Today we took two separate trams to Drogenbos to do some car shopping. And . . . wow. Never would I go so far as to say I miss car shopping in the U.S., where the greasy used car salesman is a well-tread stereotype (usually lived up to or surpassed). And yet, I have never in my life encountered salespeople as passive as these. Not that I am unaccustomed, at this point, to hearing Ce n'est pas possible upon entering a store, or a local vendor being exceptionellement fermé on the day you happened to count on them being open. But not until we went shopping for a car - as our purchases go, a fairly big-ticket item - did I realize the extent of this country's lack of interest in commerce.
Our first stop was MyWay, a VW, Audi, and Skoda dealer, which came recommended by a Belgian friend. I asked upon entering the showroom whether they had occasions/tweedehandse auto's. In response, I was first met by a blank stare, which then morphed into a facial expression that was basically the equivalent of "Duh," and told in English to "go look around in the lot outside, and write down the number of the parking spot if you're interested." Bowled over by his aggressive sales tactics, J and I did as instructed. Some cars were marked with year, mileage and price; others weren't. Similar cars were identically priced, but somehow the estimated monthly payment fluctuated wildly. The highly motivated salesperson later explained that "these numbers are meaningless, just the calculations of the marketing people." From whom, it seemed, he could stand to learn a few tricks.
After marking the numbers of the cars we liked, we tried to ask some questions while standing opposite the desk where our distinguished salesperson was lounging. At no point did he invite us to sit down, or did his mildly irritated facial expression, as if we were bothering rather than trying to buy a car from him, leave his face. It was almot impossible to extract anything beyond basic information from him, and even the basics ("How would you compare diesel to gasoline?" "What are the advantages of the Turbo Diesel vs. the Trendline?") were elusive. Rather than answering our questions, or uttering a single phrase that might spur us to purchase a vehicle, he appeared perfectly satisfied to respond exclusively with facial expressions conveying something along the lines of "What are you, stupid?" (He spoke English fairly well, so language wasn't the problem.) Right before we decided to leave, he deigned to recommend two cars on the lot that we might consider. But by that point, we had been on the premises for almost an hour, and were beyond discouraged.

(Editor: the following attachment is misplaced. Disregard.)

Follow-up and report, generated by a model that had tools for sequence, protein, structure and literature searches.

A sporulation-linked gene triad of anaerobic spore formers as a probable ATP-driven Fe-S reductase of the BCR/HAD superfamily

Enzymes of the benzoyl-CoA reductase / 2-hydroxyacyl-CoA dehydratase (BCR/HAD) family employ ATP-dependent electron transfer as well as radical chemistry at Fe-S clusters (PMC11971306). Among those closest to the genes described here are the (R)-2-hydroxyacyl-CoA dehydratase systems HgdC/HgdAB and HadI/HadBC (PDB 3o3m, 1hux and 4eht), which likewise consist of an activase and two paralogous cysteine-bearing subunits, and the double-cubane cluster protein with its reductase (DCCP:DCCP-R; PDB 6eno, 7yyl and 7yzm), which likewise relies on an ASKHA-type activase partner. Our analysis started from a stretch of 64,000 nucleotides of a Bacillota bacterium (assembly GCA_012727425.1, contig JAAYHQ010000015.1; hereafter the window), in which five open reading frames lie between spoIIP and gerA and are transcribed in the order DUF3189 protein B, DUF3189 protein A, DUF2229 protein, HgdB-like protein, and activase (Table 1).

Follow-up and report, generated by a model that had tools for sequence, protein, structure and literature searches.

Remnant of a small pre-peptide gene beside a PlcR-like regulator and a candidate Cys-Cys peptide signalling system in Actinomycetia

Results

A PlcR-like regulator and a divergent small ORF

We decided to visit a couple of other dealers in the vicinity, with somewhat dissimilar but equally bizarre results. The saleswoman at Ford was more motivated - although we had to approach her in her office, where she was chatting with a colleague. Here, too, most of our questions were answered with facial expressions along the lines of "What, do you have a brain the size of a pea?" This included the question about financing, to which she responded, "Well, if you really want a financing plan from us, we can work it out, probably, but why don't you just go to the bank?" (Maybe because you can make more money off of us if you just answer the question and offer a financing plan.) She then pulled out a calculator, but only while sighing as if we had asked for her first-born child.
Another stop was the Fiat dealer, who did not have used cars, so we stopped to admire the Cinquecento. I explained to the beachwear-clad salesperson that I liked the car a lot, but that we were expecting a baby, and it was probably too small for us. To which he replied, Désolé, or "I'm sorry." A greasy American salesperson would have quickly ushered us to a car the next size up, but not so in Belgium.
1 year ago